The Eternal Drama: The Inner Meaning of Greek Mythology

The Eternal Drama: The Inner Meaning of Greek Mythology

by Edward F. Edinger
     
 

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Zeus, Aphrodite, Apollo, Artemis, Athena—do the gods and goddesses of Greece have anything to say to us that we haven't already heard? In this book, based on a series of his lectures, the eminent Jungian analyst and writer Edward F. Edinger revisits all the major figures, myths, oracles, and legends of the ancient Greek religion to discover what they can

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Overview

Zeus, Aphrodite, Apollo, Artemis, Athena—do the gods and goddesses of Greece have anything to say to us that we haven't already heard? In this book, based on a series of his lectures, the eminent Jungian analyst and writer Edward F. Edinger revisits all the major figures, myths, oracles, and legends of the ancient Greek religion to discover what they can still reveal—representing, as they do, one of the religious and mythic foundations of Western culture. Building on C. G. Jung's assertion that mythology is an expression of the deepest layers of mind and soul, Dr. Edinger follows the mythic images into their persistent manifestations in literature and on into our modern lives. He finds that the gods indeed continue to speak as we grow in our capacity to listen and that the myths express the inner energies within all of us as much as ever. Heracles is eternally performing his labors, Perseus is still confronting Medusa, Theseus is forever stalking the Minotaur, and Persephone is still being carried off to life in a new realm.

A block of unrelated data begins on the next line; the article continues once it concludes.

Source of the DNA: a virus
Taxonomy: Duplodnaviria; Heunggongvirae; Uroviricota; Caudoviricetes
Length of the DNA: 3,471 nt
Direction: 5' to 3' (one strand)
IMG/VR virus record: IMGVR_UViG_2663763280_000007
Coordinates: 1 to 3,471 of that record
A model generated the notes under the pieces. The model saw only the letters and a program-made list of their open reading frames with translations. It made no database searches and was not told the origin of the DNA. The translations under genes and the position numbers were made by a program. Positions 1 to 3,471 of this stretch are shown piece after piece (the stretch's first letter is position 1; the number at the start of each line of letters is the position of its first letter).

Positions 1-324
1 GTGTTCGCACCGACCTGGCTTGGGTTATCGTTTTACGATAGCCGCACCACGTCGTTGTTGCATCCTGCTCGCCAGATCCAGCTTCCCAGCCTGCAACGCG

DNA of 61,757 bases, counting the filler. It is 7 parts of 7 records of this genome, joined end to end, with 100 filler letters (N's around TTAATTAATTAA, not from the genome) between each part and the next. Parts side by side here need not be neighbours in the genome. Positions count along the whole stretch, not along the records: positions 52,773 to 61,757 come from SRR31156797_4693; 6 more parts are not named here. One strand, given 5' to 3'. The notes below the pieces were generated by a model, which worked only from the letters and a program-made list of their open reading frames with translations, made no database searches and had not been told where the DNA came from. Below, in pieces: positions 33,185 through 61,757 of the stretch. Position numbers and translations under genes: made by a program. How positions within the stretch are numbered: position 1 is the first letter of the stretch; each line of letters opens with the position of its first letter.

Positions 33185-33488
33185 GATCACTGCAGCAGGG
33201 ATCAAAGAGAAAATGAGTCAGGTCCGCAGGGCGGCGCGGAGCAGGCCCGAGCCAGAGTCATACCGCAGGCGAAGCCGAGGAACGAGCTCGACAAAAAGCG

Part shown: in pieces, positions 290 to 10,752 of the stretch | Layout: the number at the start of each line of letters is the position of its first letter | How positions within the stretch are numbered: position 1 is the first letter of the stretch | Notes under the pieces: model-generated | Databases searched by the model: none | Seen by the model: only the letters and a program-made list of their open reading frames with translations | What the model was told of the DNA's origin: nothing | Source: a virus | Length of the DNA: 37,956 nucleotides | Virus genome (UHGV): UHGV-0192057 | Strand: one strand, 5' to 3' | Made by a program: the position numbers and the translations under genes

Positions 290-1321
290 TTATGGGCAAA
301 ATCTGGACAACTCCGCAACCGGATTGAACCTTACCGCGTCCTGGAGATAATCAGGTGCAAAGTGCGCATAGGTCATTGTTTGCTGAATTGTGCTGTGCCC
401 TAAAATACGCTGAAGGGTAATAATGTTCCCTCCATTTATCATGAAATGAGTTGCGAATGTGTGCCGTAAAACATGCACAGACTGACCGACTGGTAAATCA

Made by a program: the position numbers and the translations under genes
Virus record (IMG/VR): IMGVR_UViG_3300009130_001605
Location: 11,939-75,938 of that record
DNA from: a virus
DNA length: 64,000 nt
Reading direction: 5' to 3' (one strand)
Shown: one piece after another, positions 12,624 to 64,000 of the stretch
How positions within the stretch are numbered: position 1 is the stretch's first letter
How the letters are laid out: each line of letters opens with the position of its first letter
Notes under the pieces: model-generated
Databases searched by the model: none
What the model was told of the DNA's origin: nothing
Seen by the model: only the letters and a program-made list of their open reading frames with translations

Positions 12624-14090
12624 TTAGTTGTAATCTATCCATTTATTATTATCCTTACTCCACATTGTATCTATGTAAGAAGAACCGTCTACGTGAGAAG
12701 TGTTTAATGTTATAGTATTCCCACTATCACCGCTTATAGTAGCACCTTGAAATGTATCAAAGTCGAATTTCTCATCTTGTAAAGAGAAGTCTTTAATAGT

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Editorial Reviews

Library Journal
Edinger, a Jungian psychologist, examines the major figures in Greek mythology and analyzes the gods, goddesses, and heroes of these myths to find archetypes described by Jung. Basing his book on a series of lectures he gave in the 1970s, Edinger traces Jungian archetypes through poetry, literature, and the dreams of patients and shows how others have built on the myths. Unfortunately, when he describes the personality types of the mythical figures and explains how people today manifest an Apollo personality or are psychologically akin to Ares, the author makes connections and generalizations that are sometimes hard for the reader to accept. Still, this book would be helpful to students of Jungian psychology who want a perspective on the ties between Jung and the Greek myths. Appropriate for large public and academic collections.-Marguerite Mroz, Baltimore Cty. P.L.
From the Publisher
"A compelling answer to fundamental questions about why and how we should read myths. . . . A book rich with fresh readings of well-known myths, buttressed by illuminating linkages between the Greek, Hebrew, and Christian roots of our modern psyche."— Parabola

Product Details

ISBN-13:
9780877739890
Publisher:
Shambhala Publications, Inc.
Publication date:
11/15/1994
Edition description:
1st ed
Pages:
240

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From the Publisher
"A compelling answer to fundamental questions about why and how we should read myths. . . . A book rich with fresh readings of well-known myths, buttressed by illuminating linkages between the Greek, Hebrew, and Christian roots of our modern psyche."— Parabola

Meet the Author

Edward F. Edinger, M.D., a founding member of the C. G. Jung Foundation for Analytical Psychology in New York, is the author of many books on Jungian psychology, including The Eternal Drama and Anatomy of the Psyche: Alchemical Symbolism in Psychotherapy.

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